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The Fine Art of Restoring a 1974 Range Rover Classic

Tucked away an hour outside of New York City is a garage that restores unique vehicles with the same craft and expertise as one might a Caravaggio masterpiece. Legacy Overland, nestled in the affluent town of Greenwich, Connecticut, does full-job rebuilds and turns iconic vintage cars into new classics, like this recently reanimated 1974 Range Rover Classic two-door.

The Legacy challenge: take apart every piece of this car and reassemble it stronger and better, but staying true to its Range Rover roots.

As a two-door Classic, the 1974 Range Rover is powered by a 3.5L V8 engine and features an iconic vertical grille. Literally built to rove, Legacy Overland says the car came to the shop looking like a street dog mutt. And they loved that.

The frame was a Suffix B model (1973), the body came from a 1983 donor car, the engine was a 1983-85 model, the 5-speed was circa late 1980s, plus it had a 1974 registration. “The vehicle is truly a best of breed and one-of-a-kind,” says Legacy Overland.

The project was one of pure delight and play. After all, Founder Robert Madeira created Legacy Overland for projects just like this; to design and build unique vehicles. As a collective, they simply love to create beautiful things on wheels. A mission we can get behind.

For the 1974 Range Rover Classic, the process began as they all do in the Legacy garage. Restore, refurbish, or replace every little screw throughout the car. Turning the street dog machine into a pile of thousands of pieces, this Range Rover Classic was reborn into a stone-cold stunner.

The sport utility car kept its throwback two-doors — a design feature that Range Rover phased out in 1994, although it was the initial style on their first generation of vehicles produced under the Range Rover name. (Four-door wasn’t available in the Classic until 1981.)

A completely redone interior also honors the car’s legacy, with a classic Range Rover Palomino color palette of beige seats and carpets finished with green edge trim to match the car’s body paint.

Additions were done super selectively and include LED headlamps, Pioneer Bluetooth-enabled stereo, and air conditioning. In other words, nothing that would compromise the spirit of the OG car. Instead of the usual steel finish, the car stands out with glossy black painted Rostyle wheels and BFG All/Terrain tires.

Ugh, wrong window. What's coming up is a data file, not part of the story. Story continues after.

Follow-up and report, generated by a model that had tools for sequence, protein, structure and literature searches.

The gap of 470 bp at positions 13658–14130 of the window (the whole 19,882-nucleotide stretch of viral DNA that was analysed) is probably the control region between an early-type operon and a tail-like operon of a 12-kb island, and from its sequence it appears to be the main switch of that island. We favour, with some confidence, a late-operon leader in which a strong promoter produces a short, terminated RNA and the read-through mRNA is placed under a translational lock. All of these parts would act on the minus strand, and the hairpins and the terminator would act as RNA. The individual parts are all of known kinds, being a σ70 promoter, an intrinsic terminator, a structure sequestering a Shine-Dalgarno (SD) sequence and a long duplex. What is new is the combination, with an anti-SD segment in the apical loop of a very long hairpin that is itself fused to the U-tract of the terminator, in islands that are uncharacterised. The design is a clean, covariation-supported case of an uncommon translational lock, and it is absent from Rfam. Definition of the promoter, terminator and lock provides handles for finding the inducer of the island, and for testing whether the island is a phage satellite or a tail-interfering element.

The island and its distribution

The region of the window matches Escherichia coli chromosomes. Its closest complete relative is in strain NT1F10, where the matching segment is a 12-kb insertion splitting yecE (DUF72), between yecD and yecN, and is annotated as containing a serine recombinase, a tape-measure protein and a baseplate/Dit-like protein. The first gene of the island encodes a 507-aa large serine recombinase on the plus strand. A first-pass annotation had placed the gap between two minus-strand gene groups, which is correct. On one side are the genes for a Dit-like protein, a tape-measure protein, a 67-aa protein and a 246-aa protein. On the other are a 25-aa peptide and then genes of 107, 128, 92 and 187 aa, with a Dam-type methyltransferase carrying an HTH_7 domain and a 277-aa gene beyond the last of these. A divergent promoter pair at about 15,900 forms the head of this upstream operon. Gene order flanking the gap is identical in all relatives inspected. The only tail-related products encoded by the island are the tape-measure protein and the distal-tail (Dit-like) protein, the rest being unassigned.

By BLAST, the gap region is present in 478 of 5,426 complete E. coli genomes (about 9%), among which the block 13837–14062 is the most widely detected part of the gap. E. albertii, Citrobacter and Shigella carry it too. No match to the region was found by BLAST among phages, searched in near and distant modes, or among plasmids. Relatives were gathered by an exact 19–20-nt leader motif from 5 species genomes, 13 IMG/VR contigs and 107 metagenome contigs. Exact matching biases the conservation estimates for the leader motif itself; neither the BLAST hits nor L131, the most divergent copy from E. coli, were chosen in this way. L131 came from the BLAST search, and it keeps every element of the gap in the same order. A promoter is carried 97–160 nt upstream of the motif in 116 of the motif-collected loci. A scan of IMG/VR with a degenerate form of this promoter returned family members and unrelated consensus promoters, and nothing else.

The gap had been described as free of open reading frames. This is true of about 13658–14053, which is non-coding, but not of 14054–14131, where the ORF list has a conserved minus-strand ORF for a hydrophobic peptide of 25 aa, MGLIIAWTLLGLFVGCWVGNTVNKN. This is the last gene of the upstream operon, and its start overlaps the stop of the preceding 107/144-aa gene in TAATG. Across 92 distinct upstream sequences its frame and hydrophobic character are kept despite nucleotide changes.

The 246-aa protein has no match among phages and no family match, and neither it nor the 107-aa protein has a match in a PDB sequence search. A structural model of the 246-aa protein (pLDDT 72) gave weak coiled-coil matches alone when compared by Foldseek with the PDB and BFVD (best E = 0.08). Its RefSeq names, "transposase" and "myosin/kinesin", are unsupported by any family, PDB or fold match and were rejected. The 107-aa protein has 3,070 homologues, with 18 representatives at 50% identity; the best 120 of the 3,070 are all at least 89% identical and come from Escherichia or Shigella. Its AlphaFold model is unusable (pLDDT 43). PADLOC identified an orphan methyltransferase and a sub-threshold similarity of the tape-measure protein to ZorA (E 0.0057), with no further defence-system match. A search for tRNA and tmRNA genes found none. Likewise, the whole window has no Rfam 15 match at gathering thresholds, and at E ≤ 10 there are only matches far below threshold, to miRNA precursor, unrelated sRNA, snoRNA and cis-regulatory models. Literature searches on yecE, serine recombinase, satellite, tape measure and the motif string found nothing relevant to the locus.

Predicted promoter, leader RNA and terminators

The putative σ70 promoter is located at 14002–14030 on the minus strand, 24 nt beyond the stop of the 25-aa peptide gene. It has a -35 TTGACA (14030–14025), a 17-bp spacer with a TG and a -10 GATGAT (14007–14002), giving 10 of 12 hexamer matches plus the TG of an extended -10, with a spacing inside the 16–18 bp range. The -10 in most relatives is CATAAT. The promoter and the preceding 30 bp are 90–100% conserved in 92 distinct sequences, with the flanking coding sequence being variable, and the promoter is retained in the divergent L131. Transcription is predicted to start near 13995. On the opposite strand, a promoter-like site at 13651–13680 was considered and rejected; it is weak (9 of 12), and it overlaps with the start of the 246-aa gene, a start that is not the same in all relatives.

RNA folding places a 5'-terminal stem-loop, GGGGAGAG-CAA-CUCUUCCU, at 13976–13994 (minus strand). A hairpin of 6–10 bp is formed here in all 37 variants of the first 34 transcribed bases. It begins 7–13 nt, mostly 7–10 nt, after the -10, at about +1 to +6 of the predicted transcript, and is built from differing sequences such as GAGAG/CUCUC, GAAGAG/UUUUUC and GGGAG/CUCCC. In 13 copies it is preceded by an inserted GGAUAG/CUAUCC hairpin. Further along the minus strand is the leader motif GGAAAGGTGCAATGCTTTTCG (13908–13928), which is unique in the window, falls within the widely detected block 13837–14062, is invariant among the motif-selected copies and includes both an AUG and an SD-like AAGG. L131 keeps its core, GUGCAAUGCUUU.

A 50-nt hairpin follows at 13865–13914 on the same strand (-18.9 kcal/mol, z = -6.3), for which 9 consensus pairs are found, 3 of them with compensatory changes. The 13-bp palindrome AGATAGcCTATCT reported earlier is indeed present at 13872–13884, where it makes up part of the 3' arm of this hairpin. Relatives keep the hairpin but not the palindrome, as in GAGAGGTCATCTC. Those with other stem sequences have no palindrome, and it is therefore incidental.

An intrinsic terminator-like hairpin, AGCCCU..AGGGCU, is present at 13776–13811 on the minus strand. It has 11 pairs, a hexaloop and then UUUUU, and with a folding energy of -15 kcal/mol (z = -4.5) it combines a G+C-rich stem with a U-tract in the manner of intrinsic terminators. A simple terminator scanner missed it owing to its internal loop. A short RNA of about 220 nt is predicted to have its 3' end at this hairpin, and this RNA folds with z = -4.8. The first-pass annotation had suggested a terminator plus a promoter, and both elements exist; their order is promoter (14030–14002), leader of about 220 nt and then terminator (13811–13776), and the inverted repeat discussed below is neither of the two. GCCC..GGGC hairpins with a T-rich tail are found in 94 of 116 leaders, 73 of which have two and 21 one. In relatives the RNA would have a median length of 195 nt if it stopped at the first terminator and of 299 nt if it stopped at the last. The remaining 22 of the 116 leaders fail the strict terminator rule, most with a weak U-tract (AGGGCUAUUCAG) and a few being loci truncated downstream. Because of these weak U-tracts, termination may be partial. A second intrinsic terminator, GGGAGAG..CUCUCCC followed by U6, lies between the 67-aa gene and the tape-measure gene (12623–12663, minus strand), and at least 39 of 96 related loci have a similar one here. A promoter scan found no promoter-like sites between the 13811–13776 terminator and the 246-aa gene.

Last, Legacy raised the suspension and mounted a skid plate to the front, both of which give the 1974 Range Rover Classic more of a ‘Hey, I’ve arrived’ attitude.

But she isn’t just a pretty, outdoorsy frame. Legacy revamped her to be driven. And in the world of car renovations, this is a fresh outlook. So many collector rides share the fate of collecting dust in a garage.

That’s why Legacy Overland won’t settle for doing the exterior alone. They won’t agree to redo simply the upholstery. It’s the whole car or nothing, and that is honorable AF.

Also time intensive… just some of the changes Overland made on the 1974 Range Rover Classic include (but are not limited to) these highlights: 5-speed manual gearbox, Hi/Lo transfer case, Disc brakes front and rear, Power steering, 16” Rostyle wheels in glossy black, BFG All/Terrain KO2 265/75×16” tires, Spare tire in trunk with cover, 4” lift rear, 3” front, Tectyl covered under carriage for corrosion protection, steel braided brake hoses, air conditioning (factory set-up), speedometer in miles per hour, Pioneer Bluetooth enabled media receiver, four speakers (front doors and rear roof), hand-crafted seat upholstery with green piping, hand-crafted floor mats with green edge trim, leather-wrapped steering wheel, light bar with four lamps over windshield, and three-point seatbelts front and rear.

You probably cut out a long time ago but are thinking what we’re thinking: how muddy can I get this machine out romping?

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